It can be satisfying to put in all the effort and involvement of making a serious cake for a special occasion, but there are times when its just easier to churn out a quick cake. This recipe makes quite a moist cake, which is not as heavy as a traditional fruit cake.
To Make the Cake
To bake this cake, you will need a 7" (18cm) square or 8" (20cm) round cake tin (the type with the push out bottom is easiest to use).
- 120g/4oz Margarine
- 170g/6oz Sugar
- 340g/14oz Dried fruit - this can be a mixture of raisins, sultanas, cherries, peel... whatever you fancy!
- 225ml/8floz Water
- 1tsp Bicarbonate of soda
- 1 half tsp Mixed spice
- 2 Beaten Eggs
- 120g/4oz Plain flour
- 120g/4oz Self-raising Flour
- Pinch of Salt
Preheat the oven to 350°F/180°C/Gas Mark 4 (the middle bottom right hand oven of a four-door Aga, if you're that lucky).
Prepare the tin by applying a thin layer of margarine and lining with two layers of greaseproof paper.
Put the margarine, sugar, fruit, water, bicarbonate of soda and mixed spice in a saucepan over a moderate heat. Bring to boil and simmer for one minute.
Pour into a mixing bowl and allow to cool1.
Add eggs, flour and salt to cooled mixture. Mix well and pour into prepared tin.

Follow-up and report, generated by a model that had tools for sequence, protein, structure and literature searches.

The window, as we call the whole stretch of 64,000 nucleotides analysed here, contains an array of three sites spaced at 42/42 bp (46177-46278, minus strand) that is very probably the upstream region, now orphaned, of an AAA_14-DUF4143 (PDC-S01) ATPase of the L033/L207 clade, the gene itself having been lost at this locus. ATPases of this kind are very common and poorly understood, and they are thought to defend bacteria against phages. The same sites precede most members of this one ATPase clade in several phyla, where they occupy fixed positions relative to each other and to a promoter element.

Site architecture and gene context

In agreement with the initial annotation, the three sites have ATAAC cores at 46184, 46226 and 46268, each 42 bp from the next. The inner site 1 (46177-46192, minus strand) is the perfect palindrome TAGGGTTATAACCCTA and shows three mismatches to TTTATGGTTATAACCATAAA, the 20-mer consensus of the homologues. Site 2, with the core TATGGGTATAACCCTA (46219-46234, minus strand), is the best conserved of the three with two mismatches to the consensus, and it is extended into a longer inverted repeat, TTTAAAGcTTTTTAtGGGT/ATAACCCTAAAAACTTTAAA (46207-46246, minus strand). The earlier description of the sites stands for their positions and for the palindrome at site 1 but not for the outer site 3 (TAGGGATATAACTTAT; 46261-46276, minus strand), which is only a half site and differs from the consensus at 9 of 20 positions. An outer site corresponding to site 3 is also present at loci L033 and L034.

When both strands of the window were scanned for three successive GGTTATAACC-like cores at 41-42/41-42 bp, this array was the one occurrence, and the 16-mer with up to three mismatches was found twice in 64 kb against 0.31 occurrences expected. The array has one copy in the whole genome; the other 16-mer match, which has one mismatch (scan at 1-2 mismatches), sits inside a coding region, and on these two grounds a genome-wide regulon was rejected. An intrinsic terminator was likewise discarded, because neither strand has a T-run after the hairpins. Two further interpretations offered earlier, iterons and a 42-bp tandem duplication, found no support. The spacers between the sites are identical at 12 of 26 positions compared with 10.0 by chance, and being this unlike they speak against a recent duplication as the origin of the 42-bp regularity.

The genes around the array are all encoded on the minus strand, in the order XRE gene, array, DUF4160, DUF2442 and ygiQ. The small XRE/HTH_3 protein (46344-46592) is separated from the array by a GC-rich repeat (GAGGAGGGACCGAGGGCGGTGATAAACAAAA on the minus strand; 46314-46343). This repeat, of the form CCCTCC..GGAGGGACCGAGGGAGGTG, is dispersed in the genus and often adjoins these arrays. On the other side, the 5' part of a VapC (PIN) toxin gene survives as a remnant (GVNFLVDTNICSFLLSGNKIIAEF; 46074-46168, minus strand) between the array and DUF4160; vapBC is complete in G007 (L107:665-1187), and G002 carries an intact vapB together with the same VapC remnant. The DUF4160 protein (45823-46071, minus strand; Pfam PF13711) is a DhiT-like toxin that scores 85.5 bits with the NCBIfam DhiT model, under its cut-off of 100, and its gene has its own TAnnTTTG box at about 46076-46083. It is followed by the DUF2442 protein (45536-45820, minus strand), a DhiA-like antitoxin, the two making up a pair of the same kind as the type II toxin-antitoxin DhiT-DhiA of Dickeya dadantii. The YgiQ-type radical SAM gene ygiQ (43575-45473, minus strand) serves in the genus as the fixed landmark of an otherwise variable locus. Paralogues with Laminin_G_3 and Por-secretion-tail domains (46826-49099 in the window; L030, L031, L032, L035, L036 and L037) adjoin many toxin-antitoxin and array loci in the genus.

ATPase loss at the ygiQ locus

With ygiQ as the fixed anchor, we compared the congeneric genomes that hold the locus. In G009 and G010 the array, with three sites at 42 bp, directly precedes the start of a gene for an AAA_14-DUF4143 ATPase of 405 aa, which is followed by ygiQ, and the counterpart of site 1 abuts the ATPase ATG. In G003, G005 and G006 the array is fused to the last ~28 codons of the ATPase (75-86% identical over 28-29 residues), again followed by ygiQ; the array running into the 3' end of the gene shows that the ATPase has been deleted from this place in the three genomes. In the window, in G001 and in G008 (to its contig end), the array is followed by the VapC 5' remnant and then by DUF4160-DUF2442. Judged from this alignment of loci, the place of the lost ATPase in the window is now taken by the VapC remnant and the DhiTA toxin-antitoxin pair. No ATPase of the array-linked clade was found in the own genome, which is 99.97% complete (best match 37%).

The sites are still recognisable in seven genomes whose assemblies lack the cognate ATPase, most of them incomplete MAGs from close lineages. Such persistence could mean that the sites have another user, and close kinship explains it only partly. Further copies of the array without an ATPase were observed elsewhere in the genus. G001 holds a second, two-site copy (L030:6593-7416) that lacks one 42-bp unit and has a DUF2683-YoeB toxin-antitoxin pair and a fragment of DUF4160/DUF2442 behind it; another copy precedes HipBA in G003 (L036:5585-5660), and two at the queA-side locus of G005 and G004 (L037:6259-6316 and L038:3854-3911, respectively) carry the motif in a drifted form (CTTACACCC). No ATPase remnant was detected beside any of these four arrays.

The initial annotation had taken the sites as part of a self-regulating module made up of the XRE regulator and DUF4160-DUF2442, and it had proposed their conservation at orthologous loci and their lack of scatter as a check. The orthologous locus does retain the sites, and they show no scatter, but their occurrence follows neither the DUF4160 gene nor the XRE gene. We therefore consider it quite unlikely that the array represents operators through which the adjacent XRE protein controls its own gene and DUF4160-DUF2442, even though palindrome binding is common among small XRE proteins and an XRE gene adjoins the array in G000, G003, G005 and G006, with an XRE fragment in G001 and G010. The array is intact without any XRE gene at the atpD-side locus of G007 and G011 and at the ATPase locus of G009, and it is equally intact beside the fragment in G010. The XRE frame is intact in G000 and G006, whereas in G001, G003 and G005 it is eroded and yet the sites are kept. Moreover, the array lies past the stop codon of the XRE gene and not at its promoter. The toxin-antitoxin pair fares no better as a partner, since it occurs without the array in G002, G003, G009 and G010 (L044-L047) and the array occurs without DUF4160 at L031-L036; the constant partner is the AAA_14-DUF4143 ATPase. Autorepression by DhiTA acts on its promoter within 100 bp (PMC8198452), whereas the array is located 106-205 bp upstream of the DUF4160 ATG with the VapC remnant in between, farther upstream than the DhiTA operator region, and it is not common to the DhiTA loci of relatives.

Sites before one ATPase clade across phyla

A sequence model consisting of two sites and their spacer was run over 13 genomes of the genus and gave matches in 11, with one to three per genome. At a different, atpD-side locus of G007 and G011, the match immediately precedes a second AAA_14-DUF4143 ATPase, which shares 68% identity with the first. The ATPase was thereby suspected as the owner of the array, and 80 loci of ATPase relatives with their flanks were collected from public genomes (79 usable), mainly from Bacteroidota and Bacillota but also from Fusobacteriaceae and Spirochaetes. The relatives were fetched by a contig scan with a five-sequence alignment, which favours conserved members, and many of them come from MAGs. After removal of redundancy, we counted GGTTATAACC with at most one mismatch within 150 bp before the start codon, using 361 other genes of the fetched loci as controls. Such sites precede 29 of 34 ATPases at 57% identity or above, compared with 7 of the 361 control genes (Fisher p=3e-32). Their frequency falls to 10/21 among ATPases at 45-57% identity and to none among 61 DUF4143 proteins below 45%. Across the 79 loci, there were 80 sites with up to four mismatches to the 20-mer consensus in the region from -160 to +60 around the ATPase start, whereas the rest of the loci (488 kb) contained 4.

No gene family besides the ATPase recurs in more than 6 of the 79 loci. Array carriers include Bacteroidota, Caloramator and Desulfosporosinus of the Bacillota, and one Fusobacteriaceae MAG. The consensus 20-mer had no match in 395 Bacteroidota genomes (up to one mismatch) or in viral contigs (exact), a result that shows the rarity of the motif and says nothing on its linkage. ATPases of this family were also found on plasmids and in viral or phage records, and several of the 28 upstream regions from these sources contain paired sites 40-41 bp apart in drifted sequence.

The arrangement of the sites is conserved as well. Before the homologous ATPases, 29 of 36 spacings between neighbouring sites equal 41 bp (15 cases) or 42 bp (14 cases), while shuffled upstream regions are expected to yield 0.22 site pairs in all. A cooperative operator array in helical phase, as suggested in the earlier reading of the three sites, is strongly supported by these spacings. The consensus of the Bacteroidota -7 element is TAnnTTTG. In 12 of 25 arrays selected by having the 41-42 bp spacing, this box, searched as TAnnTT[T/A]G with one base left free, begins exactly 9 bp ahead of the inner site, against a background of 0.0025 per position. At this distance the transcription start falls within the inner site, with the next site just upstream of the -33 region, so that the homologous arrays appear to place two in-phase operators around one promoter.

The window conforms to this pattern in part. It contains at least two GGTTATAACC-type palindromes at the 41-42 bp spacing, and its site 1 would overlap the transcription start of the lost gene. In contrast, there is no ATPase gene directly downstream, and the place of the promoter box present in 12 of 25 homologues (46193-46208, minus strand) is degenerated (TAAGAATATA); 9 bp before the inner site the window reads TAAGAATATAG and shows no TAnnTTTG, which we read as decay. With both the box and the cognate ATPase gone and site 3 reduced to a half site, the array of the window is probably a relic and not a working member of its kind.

Bake for about an hour and a quarter. You may need to put brown paper over the top if the cake starts to singe before it is cooked throughout.
The cake is ready when an inserted skewer comes out clean - leave to cool on a wire rack.
This is a very forgiving recipe; you don't even have to be very precise with the measuring out.
The cake should keep for a couple of months wrapped in aluminium foil in a tin, and can be 'spiked' with brandy (or whatever you fancy) before being covered in marzipan and icing for Christmas. Unlike more traditional fruit cake recipes, you can eat it straight away if you want to, without even waiting for it to cool completely.
To Spike a Cake
Take a skewer and insert it into the cake about a dozen times in an evenly spaced pattern. Then pour a tablespoon or two of brandy over the surface of the cake. Wrap it up in aluminium foil and leave for a few days, then pour more alcohol over it, and wrap it up and put it away again.
It can be given several doses, depending on preference, and on whether you have any brandy left.